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KATHMANDU, August 20: Idea, also the narrative, for ‘Bimbaakash’ album came to be in 2012 when Bartika Eam Rai moved to the USA for her education.
Moving to the States necessitated Bartika to adapt to a new environment that was moderately “unwelcoming” and completely different. She recalls being extremely sad – “depressed”. This ultimately led her to avidly work on strong semantics, the result of which we can hear in ‘Bimbaakash’. In November 2015, she summoned a five-member team to record her songs and work on visual graphics of her album.
‘Bimbaakash’, particularly its lead song ‘Khai’, elucidates a magical experience where the audience is forced to recall their aspirations, hopes, setbacks, and essence of life in general. The album boasts Bartika’s competency in not just singing and music composition, but also the command of Nepali language and videography. The six songs in her album have vibes that everyone can relate to.
At a time when emerging talents of the industry seemingly focus on performing cover songs, she has focused extensively on recording and producing originals, the lyrics of which she writes herself.
Budhanilkantha School, Bartika’s alma mater, was an incubation hub where she could foster and strengthen her passion in music and writing. While previously an avid participant in the family-based singing competition, like the ‘Antakhchhari’, she first derived confidence to perform on-stage at her school shows.
Feedbacks like “you can sing” and “good job” lingered longer than the excitement of organizing and participating in school shows, as a result of which she later pursued vocal lessons.
Bartika trained from musician Shriti Pradhan and music legend Gurudev Kamat. She learned the essential technicalities from Pradhan and Alap from the legend Kamat. She took piano lessons from musician Upendra Lal Shrestha for four months. She then worked for Rattle band, which prominently required her to “Howl rather than sing”. She had no complaints, however, owing to the fact that the metal band exposed her to the community of “exceptionally passionate” musicians. This later eased the process of finding and securing an equally passionate team for her music production.
Bartika had learned early on—16 she recalls—that good writing need not be exclusively about anything big as long as it can appeal to one’s thought process. Growing up with voracious readers and aspiring writers, she had found that words could help shape cathartic experiences for the writer. Professionally, she started writing for a magazine when she was 19 years of age.
While at school, her mother, whom she calls Aamaji, contributed significantly by writing to her rather long “highly-worded” letters. “At school, my friends would be waiting for family phone calls. Instead of phone calls, Aamaji sent me long letters, which provoked jealousy among my friends,” said Bartika.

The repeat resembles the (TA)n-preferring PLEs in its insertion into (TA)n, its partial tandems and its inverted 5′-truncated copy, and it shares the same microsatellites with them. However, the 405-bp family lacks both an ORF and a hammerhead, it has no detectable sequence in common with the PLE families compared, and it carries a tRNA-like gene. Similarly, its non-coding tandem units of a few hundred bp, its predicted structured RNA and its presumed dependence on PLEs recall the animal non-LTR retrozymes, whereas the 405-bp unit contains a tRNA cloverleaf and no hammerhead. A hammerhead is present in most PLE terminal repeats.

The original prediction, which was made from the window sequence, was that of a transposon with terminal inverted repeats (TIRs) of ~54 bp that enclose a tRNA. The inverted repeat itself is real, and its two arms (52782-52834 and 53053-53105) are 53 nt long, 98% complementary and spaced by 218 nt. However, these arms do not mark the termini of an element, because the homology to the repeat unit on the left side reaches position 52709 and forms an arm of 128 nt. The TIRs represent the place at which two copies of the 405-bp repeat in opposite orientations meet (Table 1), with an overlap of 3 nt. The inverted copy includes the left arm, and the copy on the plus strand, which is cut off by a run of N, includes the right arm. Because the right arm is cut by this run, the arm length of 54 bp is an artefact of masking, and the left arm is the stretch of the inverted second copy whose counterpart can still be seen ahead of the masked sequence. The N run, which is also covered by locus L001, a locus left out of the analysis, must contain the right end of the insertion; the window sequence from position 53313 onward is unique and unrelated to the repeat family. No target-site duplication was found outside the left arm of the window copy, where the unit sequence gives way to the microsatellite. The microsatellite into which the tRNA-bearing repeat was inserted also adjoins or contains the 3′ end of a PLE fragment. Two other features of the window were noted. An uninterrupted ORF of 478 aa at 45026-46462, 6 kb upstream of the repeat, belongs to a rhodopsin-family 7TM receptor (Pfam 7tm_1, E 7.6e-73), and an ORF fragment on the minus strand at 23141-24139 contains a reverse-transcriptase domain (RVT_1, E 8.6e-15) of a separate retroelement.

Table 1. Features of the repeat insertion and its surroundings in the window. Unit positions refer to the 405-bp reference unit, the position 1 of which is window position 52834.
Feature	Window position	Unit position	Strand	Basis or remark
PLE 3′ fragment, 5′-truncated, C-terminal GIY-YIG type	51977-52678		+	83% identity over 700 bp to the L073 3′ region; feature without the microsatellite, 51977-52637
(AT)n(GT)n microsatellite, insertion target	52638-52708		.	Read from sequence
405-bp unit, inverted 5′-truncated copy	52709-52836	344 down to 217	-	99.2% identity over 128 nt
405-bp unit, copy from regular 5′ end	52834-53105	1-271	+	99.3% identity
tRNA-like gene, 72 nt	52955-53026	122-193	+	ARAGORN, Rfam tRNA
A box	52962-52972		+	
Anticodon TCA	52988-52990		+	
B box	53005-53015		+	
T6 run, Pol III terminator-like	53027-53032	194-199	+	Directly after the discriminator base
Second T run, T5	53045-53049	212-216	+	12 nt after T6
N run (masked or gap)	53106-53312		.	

This exposed her to the intricacies of Nepali language, which later formed the basis of her interest in literature—Nepali and English alike. Not only that, she recalls getting books on philosophy and morality as birthday gifts in contrary to dresses and dolls her friends got for their special days.
Aamaji became an important support in Bartika’s professional career as a musician in numerous accounts. For instance, the title of her album ‘Bimbaakash’ was inspired by Aamaji. “Bimbaakash translates to a million images of dreams floating in the sky,” she recalls her Aamaji explaining.
Not only that, Aamaji has been valuable in copy-editing the drafts of her song lyrics and “being available” every time she needs support of any kind, despite the time difference. “’Bimbaakash’ was all about celebrating my mother’s trust and belief in me,” said Bartika.
After more than five years in the industry, Bartika has published one album and accumulated a lifetime's worth of lessons. She has learned to own up to her productions, instead of singing or performing live for a commercial purpose. She has learned to identify her likes and dislikes of music fraternity and act accordingly.
For instance, she dislikes having to attend after-parties following any musical performances. Instead, she hopes she could be a Sing a Song Writer like music legends Bob Dylan and Feona Apple. “In future, I will be working on embracing the idea behind Sing a Song Writer and create a vibe that would enable music enthusiasts to perform just the music, not the after-party hassles.”
Bartika also participated in and won the Miss Nepal USA beauty pageant. “I used to be exclusively anti-pageants, but I decided to participate during my first summer in New York. I hoped to network with New York-based Nepalis and get mentorship from my all-time favorite Malvika Subba through the pageant. I hadn’t expected to win when I signed up,” she said.
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